Quality sleep and enough of it is vital for mental and physical health, but most people don’t get enough of it. According to the Centers for Disease Control and Prevention (CDC), adults need at least 7 hours of sleep per night. They define short sleep duration as being less than 7 hours.
If you didn’t get enough sleep the night before, what should you do? You might head to Starbucks or crank up the espresso maker for a caffeine fix. But a new study advises against this. To stay awake and productive, it’s best to get more sleep rather than try to wake yourself up with a few cups of coffee. Caffeine can’t make up for a night of missed or poor-quality sleep. Still, people like to think that caffeine is a quick fix when they’re tired or sleep-deprived.
Why is coffee for wakefulness, not a healthy option? Coffee can disrupt your circadian rhythm, which sets your body’s natural sleep cycle. It can boost the stress hormone cortisol, as cannot getting enough sleep. So, you might get a double rise in cortisol when you drink too much coffee after a night of poor sleep. If you drink it throughout the day after not sleeping enough, the stimulant effects of the caffeine may still be in your system and make it harder to get quality sleep. Thus, it will be hard to make up for the sleep you lost the night before.
Coffee May Not Boost Your Brain Performance on Complex Tasks
Michigan State University researchers explain why coffee cannot compensate for sleeping well. After asking 275 people to stay up all night, they gave the participants an assignment that demanded their full attention. This was the easier of the two assignments. Then they assigned them a “place keeping” job. The researchers instructed them to execute a series of chores in order, without missing or repeating any of them, for a more demanding and difficult challenge.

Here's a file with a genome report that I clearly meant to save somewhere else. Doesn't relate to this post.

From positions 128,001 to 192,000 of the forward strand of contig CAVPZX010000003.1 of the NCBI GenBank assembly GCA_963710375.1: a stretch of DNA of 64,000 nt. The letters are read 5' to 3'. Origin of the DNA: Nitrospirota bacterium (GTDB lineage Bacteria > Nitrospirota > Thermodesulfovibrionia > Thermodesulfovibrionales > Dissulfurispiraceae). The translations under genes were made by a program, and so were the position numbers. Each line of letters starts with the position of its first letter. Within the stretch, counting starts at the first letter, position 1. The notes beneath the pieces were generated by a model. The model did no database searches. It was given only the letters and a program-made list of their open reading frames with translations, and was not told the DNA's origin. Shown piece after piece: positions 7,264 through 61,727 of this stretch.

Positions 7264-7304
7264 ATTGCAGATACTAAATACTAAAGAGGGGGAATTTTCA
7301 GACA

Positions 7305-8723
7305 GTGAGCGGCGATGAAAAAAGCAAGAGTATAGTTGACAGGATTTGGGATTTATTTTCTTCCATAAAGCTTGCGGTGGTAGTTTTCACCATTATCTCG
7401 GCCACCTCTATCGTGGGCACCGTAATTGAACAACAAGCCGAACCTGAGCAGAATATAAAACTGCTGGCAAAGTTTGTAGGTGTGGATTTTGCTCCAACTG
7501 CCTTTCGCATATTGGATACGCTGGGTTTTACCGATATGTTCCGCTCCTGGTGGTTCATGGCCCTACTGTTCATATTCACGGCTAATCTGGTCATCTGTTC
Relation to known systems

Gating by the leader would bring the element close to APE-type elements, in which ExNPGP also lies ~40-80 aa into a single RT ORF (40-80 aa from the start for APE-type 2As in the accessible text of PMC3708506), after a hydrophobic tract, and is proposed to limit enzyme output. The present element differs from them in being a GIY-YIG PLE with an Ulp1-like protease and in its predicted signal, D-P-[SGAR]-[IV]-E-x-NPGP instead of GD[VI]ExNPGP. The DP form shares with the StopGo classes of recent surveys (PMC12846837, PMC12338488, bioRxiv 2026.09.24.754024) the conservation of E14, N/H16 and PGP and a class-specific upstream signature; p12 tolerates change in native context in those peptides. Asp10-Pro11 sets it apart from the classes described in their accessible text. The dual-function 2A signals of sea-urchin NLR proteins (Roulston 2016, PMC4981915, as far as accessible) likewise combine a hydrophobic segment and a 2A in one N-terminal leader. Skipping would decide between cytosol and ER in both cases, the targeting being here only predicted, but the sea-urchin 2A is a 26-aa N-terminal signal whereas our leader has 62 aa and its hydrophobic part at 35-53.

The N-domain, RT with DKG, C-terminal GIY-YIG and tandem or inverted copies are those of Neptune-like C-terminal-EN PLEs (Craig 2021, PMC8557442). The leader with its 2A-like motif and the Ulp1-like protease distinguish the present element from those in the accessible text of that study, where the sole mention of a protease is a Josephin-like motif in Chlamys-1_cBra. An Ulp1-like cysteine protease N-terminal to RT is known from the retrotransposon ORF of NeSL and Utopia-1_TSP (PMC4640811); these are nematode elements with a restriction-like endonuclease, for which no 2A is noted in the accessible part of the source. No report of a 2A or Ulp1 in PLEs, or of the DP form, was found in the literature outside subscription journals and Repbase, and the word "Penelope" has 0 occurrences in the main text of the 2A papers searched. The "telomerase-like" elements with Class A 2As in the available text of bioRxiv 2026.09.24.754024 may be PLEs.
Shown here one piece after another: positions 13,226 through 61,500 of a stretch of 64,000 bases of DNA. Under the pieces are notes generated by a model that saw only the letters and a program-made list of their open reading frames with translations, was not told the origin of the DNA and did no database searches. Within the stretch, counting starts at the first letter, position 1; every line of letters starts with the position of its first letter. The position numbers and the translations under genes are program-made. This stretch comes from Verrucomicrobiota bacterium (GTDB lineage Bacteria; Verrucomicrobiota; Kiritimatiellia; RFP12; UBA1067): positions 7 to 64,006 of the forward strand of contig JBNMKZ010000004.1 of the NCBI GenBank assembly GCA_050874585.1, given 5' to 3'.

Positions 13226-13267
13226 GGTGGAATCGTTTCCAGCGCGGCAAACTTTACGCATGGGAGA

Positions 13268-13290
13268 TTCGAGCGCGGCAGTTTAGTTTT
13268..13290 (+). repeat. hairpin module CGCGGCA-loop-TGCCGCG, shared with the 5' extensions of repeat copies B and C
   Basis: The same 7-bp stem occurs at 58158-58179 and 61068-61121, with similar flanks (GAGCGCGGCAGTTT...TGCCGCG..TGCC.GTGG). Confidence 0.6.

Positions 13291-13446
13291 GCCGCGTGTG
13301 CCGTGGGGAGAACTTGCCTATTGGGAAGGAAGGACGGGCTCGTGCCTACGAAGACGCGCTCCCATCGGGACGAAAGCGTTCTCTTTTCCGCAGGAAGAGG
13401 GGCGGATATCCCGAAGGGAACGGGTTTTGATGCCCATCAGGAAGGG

How did it turn out? Performance on both the basic attention-requiring test and the more challenging place-keeping test were reduced by sleep deprivation. That’s not surprising since lack of sleep impairs the performance of some tasks, including driving a car. That’s especially concerning since it could lead to an accident. Respondents only performed better on the basic test that required attention after consuming caffeinated coffee. Caffeine did not improve performance on the harder place keeping exercise.
What did the study conclude? Although caffeine may keep you awake after a lack of sleep or a poor night’s sleep and help you perform straightforward tasks that require concentration, it doesn’t improve the ability to complete more challenging tasks that require more intensive cognitive power. You may think you can continue with your normal activities while you feel alert and awake, but you might be deceiving yourself. Caffeine does not appear to improve performance on complex tasks.
How safe are you driving or working more complex tasks after a bad night’s sleep, even with caffeine? You might feel alert and think you can handle it when you can’t. That’s the danger of not getting enough sleep and trying to stay alert with caffeine. You think you’re more capable than you are and place yourself at risk of an accident.